Figueroa was the A's minor league pitcher of the year and ranked as their best pitching prospect following his breakout 2009 season, which amazingly was his first in full-season ball after five years as a pro. His 2010 got off to a good start, but he struggled in May and was shut down in June. Doctors diagnosed a ligament tear in his elbow that required Tommy John surgery. Figueroa's development already had been slow, but Oakland was encouraged by the progress he was making. His plus fastball was sitting at 92-95 mph and touching 96. He complemented the heater with a mid-80s slider with tilt, plus a solid changeup that he was throwing regularly. Some scouts worried that he tipped off his changeup by slowing his arm down when he threw it. Figueroa's biggest problem has been fastball command, as he tends to miss up in the zone too often. The A's still believe he can be a frontline starter. They hope he can get back on the mound by midseason, so that he can get in some innings and head into instructional league with an eye toward hitting the ground running in 2012--when he'll be 26.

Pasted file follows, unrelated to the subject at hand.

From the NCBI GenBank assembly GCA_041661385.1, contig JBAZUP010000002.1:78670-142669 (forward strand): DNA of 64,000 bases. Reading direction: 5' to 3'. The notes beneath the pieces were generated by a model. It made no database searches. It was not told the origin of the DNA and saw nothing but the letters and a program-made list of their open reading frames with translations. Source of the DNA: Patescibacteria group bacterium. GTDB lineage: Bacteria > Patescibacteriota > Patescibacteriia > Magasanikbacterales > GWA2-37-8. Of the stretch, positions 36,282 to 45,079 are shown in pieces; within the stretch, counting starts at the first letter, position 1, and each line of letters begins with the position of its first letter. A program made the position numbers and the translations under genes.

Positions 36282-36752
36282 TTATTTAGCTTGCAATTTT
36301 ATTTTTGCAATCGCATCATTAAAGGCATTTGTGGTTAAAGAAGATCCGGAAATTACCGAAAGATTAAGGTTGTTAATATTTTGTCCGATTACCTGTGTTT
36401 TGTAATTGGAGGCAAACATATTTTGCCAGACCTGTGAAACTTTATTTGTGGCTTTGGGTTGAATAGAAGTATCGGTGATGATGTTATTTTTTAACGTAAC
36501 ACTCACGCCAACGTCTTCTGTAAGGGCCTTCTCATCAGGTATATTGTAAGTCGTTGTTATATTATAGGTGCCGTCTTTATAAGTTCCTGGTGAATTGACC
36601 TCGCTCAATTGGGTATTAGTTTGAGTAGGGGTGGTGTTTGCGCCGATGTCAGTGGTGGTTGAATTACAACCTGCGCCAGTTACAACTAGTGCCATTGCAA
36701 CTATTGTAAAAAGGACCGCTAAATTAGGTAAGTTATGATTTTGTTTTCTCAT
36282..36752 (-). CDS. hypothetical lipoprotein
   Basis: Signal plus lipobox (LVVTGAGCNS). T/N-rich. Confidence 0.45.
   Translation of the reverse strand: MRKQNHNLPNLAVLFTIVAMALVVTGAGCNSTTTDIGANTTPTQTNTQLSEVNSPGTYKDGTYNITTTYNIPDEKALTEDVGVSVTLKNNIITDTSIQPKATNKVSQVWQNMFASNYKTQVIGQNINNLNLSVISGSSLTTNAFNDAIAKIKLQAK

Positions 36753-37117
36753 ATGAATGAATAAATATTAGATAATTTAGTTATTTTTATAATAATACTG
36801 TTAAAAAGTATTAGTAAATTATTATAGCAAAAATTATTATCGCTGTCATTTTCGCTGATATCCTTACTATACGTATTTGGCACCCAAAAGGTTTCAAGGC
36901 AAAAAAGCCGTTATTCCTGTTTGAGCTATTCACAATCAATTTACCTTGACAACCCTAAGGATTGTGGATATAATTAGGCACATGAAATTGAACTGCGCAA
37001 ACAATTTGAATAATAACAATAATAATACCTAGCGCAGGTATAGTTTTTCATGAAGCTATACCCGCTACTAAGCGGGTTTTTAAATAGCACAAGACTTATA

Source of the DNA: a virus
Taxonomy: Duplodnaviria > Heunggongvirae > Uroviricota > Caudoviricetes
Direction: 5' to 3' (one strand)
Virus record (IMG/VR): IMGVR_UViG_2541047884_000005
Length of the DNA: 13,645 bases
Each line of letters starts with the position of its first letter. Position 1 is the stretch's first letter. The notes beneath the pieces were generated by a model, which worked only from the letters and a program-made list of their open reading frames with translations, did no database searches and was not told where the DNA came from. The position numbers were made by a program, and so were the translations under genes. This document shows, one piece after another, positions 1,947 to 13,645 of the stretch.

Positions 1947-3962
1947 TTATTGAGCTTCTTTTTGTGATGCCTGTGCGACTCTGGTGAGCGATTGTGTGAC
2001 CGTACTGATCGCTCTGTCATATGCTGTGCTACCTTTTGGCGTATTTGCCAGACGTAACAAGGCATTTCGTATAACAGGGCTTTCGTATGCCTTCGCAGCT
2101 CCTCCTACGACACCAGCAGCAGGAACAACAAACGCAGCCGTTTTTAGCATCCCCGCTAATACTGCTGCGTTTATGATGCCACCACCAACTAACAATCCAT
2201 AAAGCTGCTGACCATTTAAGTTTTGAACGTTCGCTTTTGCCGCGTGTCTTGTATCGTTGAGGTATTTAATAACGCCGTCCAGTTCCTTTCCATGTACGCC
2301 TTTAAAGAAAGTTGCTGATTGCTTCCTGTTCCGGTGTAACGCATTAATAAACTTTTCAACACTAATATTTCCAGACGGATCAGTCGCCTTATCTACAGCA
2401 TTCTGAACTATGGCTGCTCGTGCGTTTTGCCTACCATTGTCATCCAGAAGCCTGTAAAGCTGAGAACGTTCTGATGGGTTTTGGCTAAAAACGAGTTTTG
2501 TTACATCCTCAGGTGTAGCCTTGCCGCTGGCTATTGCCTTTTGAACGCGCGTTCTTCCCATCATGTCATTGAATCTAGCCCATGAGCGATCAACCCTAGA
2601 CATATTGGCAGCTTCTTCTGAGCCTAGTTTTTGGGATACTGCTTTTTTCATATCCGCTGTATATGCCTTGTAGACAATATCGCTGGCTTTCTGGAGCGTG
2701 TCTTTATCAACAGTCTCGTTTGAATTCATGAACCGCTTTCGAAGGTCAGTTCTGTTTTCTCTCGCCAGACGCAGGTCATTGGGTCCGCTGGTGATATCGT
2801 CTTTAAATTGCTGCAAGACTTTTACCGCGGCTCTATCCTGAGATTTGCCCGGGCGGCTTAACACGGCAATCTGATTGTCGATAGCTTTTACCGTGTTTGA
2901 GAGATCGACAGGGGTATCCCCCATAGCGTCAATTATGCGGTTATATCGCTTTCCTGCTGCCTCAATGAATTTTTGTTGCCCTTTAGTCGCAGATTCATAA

Figueroa's development had proceeded so slowly that he needed five years in Rookie and short-season ball and went unpicked in the 2008 Rule 5 draft. He broke though in 2009, winning Oakland's minor league pitcher of the year award after going 13-6, 3.38 with 145 strikeouts in 152 innings between two Class A stops. From a low-three-quarters delivery, Figueroa whips lively fastballs that sit at 93-95 mph and touch 97. He can throw his fastball with natural sink or give it cutting action. His breaking ball was big and sloppy in the past, but he has tightened it into a mid-80s slider with depth. His changeup still is developing but shows some promise and he's not afraid to throw it. Command is Figueroa's biggest downfall, a result of sometimes rushing his delivery. That causes him to throw too many hittable pitches and hand out too many walks. He may be a late bloomer, but he's 24 and has yet to pitch above Class A. Figueroa will have the stuff to be a frontline starter if he throws more strikes. If not, he could be a weapon out of the bullpen, with one A's official comparing him to Damaso Marte. Added to the 40-man roster this offseason, Figueroa should begin 2010 in Double-A.